Reading List: If You Haven’t Listened To “drivers license” On Loop, Have You Even 2021ed?
|Amy Widdowson||Feb 5||1|
I’m not going to lie, y’all. I’m tired. I’ve found 2021 to so far feel more tiring than the end of 2020, and the end of 2020 was freaking exhausting. But I’ve always felt the remnants of stress well after a trauma occurs, like an aftershock or tsunami after an earthquake. Four months into the pandemic, my hair started falling out. That scared me, so despite my fear of being in public, of being around strangers, I went to a dermatologist at UCSF, had vial after vial of blood work drawn, was examined and poked and asked a million questions. In the end, there was nothing physically wrong with me, no condition revealed in tests, no disease or condition that would indicate I should be losing hair at the rate I was, there was only GESTURES AT THE WORLD. But the doctor was kind, and he surmised it was stress, and mentioned he’d seen an increase in patients with similar symptoms. And I laughed. Of course it was stress.
I think about my grandmother and her twin sister, evacuated to the English countryside during the Blitz in WWII, separated from their families to stay with strangers to save their lives. My urban-dwelling teenage Nana finding herself doing manual labor on a farm, far away from her friends and family, all the while knowing that her beloved city, her country was under attack. I think about how the physical repercussions of that trauma must have manifested themselves, how it must have lingered in her body for years, decades, a half century.
I mention all this as a reminder that this is all still hard and traumatic, hard and traumatic on our bodies and minds and relationships and souls. Whether you’re still struggling to educate your kids while trying to keep your job, or you’ve had to cancel your wedding twice, or you’ve got preexisting conditions that make you more at risk, or you’re being so careful while others aren’t, or you’re leaving a long-beloved career, or you’re disabled and finding work even harder to navigate, or you’re stuck in a small apartment in a strained marriage, or you haven’t hugged someone else in months, or you’ve lost your job, or you’ve had to move, or you’ve had a baby, or you’re scared, or you are just tired, so tired, of all of THIS… it’s ok to not be ok. It’s OK to want to cry or take a sick day (that’s what they are there for!) or just scream (wouldn’t it be amazing if we could all just scream for a bit?) It’s OK, because I promise you we’re all there with you.
Anyhoo. I want you to know that I mean it when I say “be kind to yourself”. And I’m with you, even if it’s just in spirit.
To the Longreads.
Max Brooks, World War Z - What possessed me to start re-reading a novel that portrays the start of the zombie apocalypse as a bungled societal response to a pandemic, only this one leads to the ravenous undead? Nothing I can think of, nope, not at all, no reason.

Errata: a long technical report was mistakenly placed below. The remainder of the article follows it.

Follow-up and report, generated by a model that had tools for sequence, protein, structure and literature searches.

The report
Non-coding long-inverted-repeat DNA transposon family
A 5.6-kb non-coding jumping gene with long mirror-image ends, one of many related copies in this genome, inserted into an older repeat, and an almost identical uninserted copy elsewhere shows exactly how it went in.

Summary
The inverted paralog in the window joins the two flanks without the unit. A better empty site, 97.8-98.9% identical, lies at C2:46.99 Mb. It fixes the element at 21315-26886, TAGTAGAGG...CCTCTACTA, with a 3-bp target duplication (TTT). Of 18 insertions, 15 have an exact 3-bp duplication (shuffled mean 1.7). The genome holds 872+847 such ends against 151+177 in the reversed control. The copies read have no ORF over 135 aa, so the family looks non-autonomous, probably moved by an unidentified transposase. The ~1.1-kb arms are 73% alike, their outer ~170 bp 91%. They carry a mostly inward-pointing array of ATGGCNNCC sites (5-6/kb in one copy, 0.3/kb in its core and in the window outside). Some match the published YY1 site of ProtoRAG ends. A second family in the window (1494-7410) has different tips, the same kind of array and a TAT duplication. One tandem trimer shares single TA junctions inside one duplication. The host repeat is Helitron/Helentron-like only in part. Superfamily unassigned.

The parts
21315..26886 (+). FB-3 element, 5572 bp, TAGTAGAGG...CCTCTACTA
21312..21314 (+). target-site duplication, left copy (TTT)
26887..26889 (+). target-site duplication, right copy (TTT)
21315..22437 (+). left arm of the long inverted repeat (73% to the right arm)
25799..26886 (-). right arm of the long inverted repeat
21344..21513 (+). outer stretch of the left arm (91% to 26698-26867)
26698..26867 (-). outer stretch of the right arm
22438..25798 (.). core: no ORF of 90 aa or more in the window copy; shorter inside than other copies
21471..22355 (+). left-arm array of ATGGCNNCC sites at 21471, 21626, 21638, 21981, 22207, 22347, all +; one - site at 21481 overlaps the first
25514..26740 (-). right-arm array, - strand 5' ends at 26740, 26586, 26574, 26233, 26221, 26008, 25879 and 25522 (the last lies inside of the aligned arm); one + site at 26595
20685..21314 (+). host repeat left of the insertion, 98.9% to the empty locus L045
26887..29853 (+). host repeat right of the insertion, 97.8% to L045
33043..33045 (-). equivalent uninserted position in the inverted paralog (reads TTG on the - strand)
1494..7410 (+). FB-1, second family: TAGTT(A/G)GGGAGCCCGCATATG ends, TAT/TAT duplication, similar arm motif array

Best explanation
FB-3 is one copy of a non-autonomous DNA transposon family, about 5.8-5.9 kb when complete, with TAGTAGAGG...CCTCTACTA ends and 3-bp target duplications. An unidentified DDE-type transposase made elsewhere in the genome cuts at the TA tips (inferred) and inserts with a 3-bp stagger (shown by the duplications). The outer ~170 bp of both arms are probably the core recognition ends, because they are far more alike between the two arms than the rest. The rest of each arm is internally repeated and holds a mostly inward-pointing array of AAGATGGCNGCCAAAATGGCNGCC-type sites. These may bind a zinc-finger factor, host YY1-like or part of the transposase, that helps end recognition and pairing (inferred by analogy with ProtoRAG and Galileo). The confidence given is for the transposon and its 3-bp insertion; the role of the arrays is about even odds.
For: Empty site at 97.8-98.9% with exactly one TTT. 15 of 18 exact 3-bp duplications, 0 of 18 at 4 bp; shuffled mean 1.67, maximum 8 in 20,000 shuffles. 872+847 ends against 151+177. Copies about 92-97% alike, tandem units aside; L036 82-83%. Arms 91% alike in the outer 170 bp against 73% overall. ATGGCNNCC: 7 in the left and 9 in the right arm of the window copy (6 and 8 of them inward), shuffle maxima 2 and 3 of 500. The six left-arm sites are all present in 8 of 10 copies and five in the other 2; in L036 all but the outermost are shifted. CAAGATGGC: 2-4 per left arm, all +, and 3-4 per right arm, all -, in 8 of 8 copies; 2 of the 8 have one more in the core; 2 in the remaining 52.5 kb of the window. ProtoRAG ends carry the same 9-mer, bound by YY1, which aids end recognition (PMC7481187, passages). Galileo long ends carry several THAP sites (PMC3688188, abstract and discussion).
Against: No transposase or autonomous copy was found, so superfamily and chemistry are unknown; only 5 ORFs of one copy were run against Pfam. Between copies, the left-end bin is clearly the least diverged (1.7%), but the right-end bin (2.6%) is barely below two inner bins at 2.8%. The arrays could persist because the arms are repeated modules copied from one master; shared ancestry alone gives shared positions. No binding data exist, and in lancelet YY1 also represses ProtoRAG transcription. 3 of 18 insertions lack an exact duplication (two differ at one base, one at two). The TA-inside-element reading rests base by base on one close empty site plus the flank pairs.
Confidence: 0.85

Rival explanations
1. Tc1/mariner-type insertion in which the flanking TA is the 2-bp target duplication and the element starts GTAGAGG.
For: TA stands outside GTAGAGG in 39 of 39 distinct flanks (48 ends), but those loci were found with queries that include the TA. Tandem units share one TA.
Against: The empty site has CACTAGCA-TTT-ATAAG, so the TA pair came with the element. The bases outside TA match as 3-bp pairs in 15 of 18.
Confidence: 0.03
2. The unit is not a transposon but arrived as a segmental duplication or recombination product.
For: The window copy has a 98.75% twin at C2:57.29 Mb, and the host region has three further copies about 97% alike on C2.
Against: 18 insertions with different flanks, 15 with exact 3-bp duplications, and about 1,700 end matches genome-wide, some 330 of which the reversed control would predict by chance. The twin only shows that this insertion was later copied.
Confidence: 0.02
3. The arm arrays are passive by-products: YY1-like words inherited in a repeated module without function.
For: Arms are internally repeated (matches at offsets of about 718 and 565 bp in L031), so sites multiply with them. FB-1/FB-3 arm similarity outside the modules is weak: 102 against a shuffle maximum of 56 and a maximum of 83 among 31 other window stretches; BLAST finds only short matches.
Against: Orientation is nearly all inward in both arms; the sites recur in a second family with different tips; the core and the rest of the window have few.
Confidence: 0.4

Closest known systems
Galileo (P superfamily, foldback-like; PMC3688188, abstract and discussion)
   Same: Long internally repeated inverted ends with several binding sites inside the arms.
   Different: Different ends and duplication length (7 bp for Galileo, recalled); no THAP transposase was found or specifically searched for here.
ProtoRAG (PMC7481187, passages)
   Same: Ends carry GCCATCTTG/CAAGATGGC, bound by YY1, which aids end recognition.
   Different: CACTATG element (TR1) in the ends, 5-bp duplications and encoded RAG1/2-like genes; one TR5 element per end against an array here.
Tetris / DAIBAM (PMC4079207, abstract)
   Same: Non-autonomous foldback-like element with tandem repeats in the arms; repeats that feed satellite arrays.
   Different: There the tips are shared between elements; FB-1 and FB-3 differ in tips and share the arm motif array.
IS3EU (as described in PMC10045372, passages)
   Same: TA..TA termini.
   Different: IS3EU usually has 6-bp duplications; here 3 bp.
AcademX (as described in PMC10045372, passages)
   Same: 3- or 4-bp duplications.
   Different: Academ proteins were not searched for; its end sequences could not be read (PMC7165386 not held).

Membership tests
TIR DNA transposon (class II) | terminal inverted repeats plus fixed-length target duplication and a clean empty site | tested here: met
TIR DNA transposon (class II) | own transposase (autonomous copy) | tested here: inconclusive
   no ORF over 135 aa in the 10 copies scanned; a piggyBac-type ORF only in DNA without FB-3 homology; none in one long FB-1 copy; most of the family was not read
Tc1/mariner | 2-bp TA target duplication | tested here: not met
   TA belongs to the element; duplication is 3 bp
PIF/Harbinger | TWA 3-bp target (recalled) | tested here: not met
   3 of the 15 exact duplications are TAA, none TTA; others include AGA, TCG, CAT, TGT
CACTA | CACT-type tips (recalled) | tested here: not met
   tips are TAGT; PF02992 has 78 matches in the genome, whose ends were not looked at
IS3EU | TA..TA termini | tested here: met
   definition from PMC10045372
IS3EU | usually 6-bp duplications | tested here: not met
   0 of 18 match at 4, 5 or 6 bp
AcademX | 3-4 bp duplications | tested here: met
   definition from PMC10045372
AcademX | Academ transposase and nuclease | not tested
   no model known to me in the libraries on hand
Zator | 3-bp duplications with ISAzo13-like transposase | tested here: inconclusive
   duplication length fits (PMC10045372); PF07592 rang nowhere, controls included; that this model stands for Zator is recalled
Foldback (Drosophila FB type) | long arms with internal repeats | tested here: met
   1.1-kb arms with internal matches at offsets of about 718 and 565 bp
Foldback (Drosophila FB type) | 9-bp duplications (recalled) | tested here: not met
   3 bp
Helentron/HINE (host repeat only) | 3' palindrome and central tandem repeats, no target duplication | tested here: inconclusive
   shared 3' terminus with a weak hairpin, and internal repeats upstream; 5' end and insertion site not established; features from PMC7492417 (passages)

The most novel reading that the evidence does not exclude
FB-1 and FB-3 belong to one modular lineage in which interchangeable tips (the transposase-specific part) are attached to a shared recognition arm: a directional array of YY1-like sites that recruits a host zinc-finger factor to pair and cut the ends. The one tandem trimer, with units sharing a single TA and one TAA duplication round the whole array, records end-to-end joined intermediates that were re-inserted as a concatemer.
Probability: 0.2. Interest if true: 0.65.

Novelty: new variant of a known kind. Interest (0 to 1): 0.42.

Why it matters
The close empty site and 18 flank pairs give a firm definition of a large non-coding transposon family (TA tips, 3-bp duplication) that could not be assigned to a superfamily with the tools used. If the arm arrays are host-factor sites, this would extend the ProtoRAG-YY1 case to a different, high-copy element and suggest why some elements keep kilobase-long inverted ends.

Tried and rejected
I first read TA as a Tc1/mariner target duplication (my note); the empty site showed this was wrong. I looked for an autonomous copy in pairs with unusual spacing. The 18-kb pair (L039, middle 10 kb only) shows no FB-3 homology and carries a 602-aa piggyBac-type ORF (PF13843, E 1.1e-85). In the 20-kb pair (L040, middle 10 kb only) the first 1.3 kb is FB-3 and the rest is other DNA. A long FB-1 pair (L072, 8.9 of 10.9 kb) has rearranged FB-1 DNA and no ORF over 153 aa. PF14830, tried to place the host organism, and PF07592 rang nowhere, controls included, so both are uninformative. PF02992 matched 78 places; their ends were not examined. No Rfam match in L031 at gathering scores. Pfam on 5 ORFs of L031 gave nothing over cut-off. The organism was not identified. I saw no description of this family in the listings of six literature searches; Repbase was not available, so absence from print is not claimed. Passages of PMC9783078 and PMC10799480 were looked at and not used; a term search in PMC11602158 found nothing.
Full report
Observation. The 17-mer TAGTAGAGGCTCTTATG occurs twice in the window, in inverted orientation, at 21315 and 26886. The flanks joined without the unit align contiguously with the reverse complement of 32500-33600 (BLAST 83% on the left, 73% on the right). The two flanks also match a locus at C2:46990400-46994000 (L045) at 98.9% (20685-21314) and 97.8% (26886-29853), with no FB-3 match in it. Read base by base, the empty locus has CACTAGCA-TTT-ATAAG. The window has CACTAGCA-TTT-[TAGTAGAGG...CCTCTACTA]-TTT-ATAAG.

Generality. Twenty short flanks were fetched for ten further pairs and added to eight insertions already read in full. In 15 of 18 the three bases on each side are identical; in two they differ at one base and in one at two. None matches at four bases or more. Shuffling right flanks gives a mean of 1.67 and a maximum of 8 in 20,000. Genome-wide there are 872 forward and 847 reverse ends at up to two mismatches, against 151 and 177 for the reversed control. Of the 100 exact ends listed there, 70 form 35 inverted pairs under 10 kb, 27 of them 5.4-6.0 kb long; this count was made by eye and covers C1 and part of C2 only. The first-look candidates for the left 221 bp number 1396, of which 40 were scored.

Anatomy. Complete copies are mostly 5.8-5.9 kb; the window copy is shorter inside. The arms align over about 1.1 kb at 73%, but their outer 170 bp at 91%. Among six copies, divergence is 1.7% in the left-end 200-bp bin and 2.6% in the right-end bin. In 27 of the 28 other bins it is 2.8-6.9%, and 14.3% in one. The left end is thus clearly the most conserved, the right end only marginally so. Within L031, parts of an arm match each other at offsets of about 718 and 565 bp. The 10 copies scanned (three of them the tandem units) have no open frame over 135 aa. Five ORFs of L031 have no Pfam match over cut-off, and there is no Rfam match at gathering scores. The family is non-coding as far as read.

Paul Tullis, How ecstasy and psilocybin are shaking up psychiatry (Nature) - I was connecting with a colleague last week about the importance of leadership in the workplace being up front and transparent about mental health. It’s not hard for me, dear reader, because I sit here talking to you every morning about substance abuse, depression and anxiety, but it’s not as easy for others to comprehend why some of us are 100 percent transparent about our once-weekly standing lunchtime therapy appointment. Which is why I was happy a friend of the Missive shared this piece with me - I am always glad to hear that medical professionals and regulating bodies are exploring new avenues for addressing mental health, because after the year that we’ve had, we’re going to need all of the tools we can get.
Jonathan Swan and Zachary Basu, Inside the craziest meeting of the Trump presidency (Axios) - I don’t want to think of the ex-president any more than I absolutely have to, but what is remarkable about this account of the moment his quest to remain in the Oval Office swung from legal challenges to The Big Lie is just how relatively absent he is from this conversation. He’s a non-entity, and somehow that scares me more. Absolutely bonkers.
Anne Helen Petersen, the diminishing returns of productivity culture (Culture Study) - I spent 30 minutes last weekend googling “productivity day planners” because I’ve been so busy and sometimes feel like I just can’t get a handle on everything that is up in the air. Then I started reading Petersen’s piece and OOF: “This is the dystopian reality of productivity culture. Its mandate is never “You figured out how to do my tasks more efficiently, so you get to spend less time working.” It is always: “You figured out how to do your tasks more efficiency, so you must now do more tasks.””
Pam Mandel, I Am Not Throwing Away My Shot. Or Am I? (Nerd’s Eye View) - Pam is one of the greatest travel writers out there (have you read her book The Same River Twice? CUZ YOU SHOULD) and her struggle with the ethics of how “being in the know” gives some earlier access to the COVID vaccine over others is hella important and relatable. For example: “This underprivileged population is bailing out NPR listeners while retail employees go to work each day and have to ask, over and over, people to pull their masks up over their noses, to step back, to wait, please, we’re at capacity.”
Have a good weekend, my doves. Stay safe, wear a mask, and be kind to each other ❤️